ABEOKUTA – No fewer than 70,000 babies born in Nigeria every year test positive to HIV. Director-General, National Agency for the Control of AIDS, NACA, Professor John Idoko, who disclosed this yesterday in Abeokuta, Ogun State, during a courtesy call on Governor Ibikunle Amosun said the development was as a result of the inadequate utilisation of available initiatives to prevent the transmission of HIV through the mother-to-child route.
Idoko, who told the governor that the agency was ready to partner with Ogun State Government in the prevention of HIV and AIDS and other related diseases in the state, stated that the quoted figure was a compilation of the Federal Ministry of Health, Abuja.
He said: “It’s the figure we have been utilising. It was collated by the apex Ministry of Health and shows that an average of six million women get pregnant every year in Nigeria out of which 250,000 are HIV positive. If there was no intervention, these women would give birth to 50,000 – 70,000 children who would also be HIV positive.”
Lamenting the relatively high incidence of HIV transmission among pregnant women and their babies in the country, the NACA boss noted that the issue was that something drastic needed to be done to improve the coverage of the efforts aimed at eliminating mother-to-child transmission of HIV in the country.
He said: “We are responsible for 30 per cent of the global burden of newborns that are born HIV positive, mainly because women do not take up the prevention of mother-to-child transmission, PMTCT, intervention efforts. This is a development that is worrisome to us and our partners.”
“The problem is that women need to go for antenatal care to get tested and obtain the intervention, but only 40 per cent of these women go at least once, after which they do not come back once they have been tested.”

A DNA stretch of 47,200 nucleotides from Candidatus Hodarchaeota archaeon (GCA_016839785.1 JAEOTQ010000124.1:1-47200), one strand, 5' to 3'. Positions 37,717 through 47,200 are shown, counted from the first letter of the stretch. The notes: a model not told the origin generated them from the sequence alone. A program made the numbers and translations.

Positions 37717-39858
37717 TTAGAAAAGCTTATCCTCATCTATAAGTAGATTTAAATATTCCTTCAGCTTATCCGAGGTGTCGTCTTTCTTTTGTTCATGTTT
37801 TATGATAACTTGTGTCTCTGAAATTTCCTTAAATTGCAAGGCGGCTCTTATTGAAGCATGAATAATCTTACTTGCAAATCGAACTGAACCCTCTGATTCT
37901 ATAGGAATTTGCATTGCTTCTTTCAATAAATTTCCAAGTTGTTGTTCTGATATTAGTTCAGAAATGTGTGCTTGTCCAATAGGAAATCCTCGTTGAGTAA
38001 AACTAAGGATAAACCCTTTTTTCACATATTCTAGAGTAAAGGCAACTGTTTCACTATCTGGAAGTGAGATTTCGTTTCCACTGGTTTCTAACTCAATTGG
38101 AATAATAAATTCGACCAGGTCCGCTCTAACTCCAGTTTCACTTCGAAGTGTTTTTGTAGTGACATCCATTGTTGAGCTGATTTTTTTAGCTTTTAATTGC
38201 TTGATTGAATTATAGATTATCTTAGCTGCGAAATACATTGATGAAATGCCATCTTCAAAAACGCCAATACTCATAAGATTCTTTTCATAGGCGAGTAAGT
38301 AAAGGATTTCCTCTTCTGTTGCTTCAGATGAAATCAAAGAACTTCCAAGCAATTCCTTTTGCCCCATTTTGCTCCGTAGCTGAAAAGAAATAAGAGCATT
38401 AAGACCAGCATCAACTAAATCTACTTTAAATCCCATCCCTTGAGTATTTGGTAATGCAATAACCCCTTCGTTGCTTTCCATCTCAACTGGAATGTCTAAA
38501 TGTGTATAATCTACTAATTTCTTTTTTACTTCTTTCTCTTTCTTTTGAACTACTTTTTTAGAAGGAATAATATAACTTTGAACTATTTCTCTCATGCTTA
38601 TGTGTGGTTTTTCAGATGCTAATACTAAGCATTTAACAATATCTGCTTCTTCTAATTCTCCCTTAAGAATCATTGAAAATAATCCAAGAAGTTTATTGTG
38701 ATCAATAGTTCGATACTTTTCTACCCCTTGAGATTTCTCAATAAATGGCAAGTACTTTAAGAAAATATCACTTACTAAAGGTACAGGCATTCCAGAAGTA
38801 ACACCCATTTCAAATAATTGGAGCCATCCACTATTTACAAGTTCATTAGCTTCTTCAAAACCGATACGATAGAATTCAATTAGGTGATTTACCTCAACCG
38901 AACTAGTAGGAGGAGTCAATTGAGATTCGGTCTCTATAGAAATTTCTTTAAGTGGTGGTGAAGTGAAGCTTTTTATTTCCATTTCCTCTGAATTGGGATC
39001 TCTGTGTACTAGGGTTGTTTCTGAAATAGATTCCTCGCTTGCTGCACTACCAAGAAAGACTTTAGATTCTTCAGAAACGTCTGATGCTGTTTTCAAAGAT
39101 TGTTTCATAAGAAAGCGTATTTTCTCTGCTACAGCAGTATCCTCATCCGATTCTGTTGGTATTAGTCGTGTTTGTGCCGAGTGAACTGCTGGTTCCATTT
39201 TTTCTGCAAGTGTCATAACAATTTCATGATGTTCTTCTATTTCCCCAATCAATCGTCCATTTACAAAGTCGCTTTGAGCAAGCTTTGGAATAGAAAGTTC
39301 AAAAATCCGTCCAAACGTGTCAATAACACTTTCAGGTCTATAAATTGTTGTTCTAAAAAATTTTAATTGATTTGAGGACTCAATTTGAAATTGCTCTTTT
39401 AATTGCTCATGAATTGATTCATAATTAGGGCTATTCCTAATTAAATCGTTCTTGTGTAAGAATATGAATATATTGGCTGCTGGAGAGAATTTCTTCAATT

The Director-General called for the improvement of the State Action Committee on AIDS, SACA, to fight the spread of the scourge, stressing that that NACA was willing to collaborate with any agency to improve the healthcare system in Nigeria.
He appealed to government at all levels to assist the agency in strengthening the fight against HIV/AIDs and other related diseases, promising that NACA would not relent in its efforts at achieving the mandate given to it especially the elimination of mother- to-child transmission.
Earlier, the Ogun state governor, Ibikunle Amosun, expressed satisfaction with the decentralization of the activities NACA, saying it would help in touching positively the life of the masses particularly at the grassroots.
He reiterated his government’s readiness to collaborate with other relevant stakeholders towards reducing the HIV/AIDS scourge and other related diseases in the State.